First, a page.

Thursday, July 18, 2024

Rajeswar, a voracious reader and an uncompromising critic

A chief minister completed a year in office. A young journalist was asked to assess his rule. The CM was appreciated if it was due but was not spared for wrong decisions. While all other newspapers showered praise on one-year-old CM, a young journalist was critical of his administrative decisions. The CM kept aside the routine praises on the eve of ‘anniversary’ and read this piece twice with attention.

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The editor, who happened to be CM’s bosom friend, called the reporter into his chambers.  The young reporter thought it was end of the matter as the CM must be angry. He typed out a letter, “My writing if affected the friendship of the editor, as a reporter I cannot continue. Hence, I resign”. The editor laughed it out and torn off the resignation letter. The editor said, “The Chief Minister is my good friend, no doubt, but your article is the best. You have proved that a journalist is more responsible to reader than to its editor or the Chief Minister of state.” The newspaper concerned was Andhra Patrika, one of the largely circulated newspapers of Andhra Pradesh in those days. The editor was none other than Shivalenka Shambhu Prasad.  The assessment was about the rule of Kasu Brahmananda Reddy. And the young and bold journalist was Rajeswara Rao Chennamaneni.

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A reader and critic

At his 88th year, he is in his tiny chamber surrounded by books, newspapers, magazines, in HMTV building, looking at the reports of youngsters for correction. Rajeswar, with his thoughts focused on the latest book- autobiography of Amartya Sen, had not noticed someone who entered his cabin and greeted. Another autobiography (of Girish Karnad) was waiting for his attention. All the bookshelves around and the table before him were fully occupied by the books and nothing but books. He pulled his table drawer to find photo copies of his recent articles for Hans India to share with the visitor. 

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Can a reporter survive the wrath of a Chief Minister today? Rajeshwar answered, “I could survive Brahmananda Reddy because of Ayyavaru (Editor Shambhuprasad as fondly called). But all are not like Shambhu Prasad.” Rajeswar as an investigative reporter had a different experience with another editor. When N.T. Ramarao, the then Chief Minsiter, claimed that he was a sanyasi, Rajeswer penned an article to prove he was not. He listed out the immovable properties owned by the Chief Minister with survey numbers etc.  Next scene was that Rajeswar was transferred to Vijayawada. Rajeswar was ready again with his resignation letter. By this time the editor was no more independent, and proprietor was the real editor. It was K. Jagdeesh Prasad son of KLN Prasad, the founder of Andhra Jyothy. “I was appointed as Hyderabad reporter and hence you cannot transfer. If you do not want me, say that. Why did you transfer?” said Rajeswar and walked out of the newspaper. The proprietor was happy that Rajeswar left. The owner control the content at the  pleasure of the Chief Minister, whether personal friend or not.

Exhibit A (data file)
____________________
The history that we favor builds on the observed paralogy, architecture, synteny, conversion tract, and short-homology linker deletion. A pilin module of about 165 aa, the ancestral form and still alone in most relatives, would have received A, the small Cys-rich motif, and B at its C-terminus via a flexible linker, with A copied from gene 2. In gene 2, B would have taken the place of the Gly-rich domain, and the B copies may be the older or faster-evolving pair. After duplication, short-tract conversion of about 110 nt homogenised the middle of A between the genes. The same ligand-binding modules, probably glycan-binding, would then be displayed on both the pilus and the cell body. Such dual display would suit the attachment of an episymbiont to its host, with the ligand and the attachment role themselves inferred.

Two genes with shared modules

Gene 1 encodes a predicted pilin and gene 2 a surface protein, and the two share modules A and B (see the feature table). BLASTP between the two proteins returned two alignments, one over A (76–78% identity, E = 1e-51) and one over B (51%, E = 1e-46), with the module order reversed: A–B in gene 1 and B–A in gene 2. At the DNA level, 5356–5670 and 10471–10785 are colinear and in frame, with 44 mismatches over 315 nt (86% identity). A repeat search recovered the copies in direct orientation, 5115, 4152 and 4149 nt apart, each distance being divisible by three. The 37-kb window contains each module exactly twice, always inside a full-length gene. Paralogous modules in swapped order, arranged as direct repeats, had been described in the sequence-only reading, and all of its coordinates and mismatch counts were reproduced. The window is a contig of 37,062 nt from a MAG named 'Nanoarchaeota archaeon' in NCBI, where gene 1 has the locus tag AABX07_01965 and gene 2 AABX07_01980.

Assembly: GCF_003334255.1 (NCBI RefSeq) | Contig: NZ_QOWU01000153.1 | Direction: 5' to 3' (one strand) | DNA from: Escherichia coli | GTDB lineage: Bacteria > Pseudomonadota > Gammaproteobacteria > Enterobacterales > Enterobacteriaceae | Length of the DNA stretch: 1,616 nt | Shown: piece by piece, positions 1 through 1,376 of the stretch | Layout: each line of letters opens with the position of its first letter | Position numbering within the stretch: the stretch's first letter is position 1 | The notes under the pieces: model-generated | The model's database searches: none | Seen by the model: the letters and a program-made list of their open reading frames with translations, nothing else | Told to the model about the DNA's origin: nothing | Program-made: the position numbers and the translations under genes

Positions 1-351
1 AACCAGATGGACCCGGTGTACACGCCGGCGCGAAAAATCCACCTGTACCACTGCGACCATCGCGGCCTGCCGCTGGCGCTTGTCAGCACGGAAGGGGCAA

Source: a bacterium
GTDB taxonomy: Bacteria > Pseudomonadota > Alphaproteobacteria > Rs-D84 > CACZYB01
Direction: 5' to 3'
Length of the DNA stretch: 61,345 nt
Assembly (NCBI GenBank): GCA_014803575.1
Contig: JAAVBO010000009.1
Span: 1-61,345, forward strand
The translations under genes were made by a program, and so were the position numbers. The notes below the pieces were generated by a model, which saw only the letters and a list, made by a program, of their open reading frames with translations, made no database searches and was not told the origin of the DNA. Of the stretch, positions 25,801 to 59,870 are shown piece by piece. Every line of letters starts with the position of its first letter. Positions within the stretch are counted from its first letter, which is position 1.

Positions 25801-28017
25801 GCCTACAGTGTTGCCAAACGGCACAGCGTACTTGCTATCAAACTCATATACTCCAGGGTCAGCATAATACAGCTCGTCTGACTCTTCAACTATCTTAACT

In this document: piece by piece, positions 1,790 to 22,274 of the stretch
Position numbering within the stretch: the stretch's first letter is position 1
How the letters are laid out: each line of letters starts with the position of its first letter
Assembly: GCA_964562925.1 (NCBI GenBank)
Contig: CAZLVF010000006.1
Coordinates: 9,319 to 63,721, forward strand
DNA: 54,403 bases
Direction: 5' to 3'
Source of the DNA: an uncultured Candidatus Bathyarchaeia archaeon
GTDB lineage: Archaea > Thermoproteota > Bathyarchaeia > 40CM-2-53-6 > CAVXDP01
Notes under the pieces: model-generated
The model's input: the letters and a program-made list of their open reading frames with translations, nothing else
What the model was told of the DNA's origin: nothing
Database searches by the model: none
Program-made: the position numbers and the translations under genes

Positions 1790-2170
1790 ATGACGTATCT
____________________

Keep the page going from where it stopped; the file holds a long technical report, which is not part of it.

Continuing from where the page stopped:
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A question Indira Gandhi skipped

Prime Minister Mrs. Indira Gandhi exercised her privilege as leader of the Government to reorganize the departments within ministers’ portfolios. The revenue intelligence wing was carved out of Revenue and political intelligence from Home. Rajeswar was closely observing the process. He found a reason when these new significant powers were taken over by the Prime Minister for herself, from the hands of her cabinet colleagues. Rajeswar got a chance to question Mrs Indira Gandhi, when she addressed a press conference in Hyderabad. He asked, “Prime minister, there appears a tendency in you to become a dictator”. She shot back, ‘Why do you think so?’.  Rajeswar pointed out at the reorganization of departments. She smiled and said ‘next question’. The fact was established. The then top cop of AP asked Rajeswar, ‘How dare you question the Prime Minister like this?’. Rajeswar was clear: ‘it’s the duty of a journalist’.

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The prime minister today does not believe in speaking to media. He shares his thoughts through “man ki bath” straight with the people in the Akashvani, a one-way communication. No scope for any one asking anything. Perhaps he has established a record as a PM who never met media ever since he assumed the office in 2014. Even if some chief minister convenes a press conference, now-a-days, asking a question happens very rarely. Rajeswar’s take at this situation is ‘surprise’.

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A CM’s self-contradiction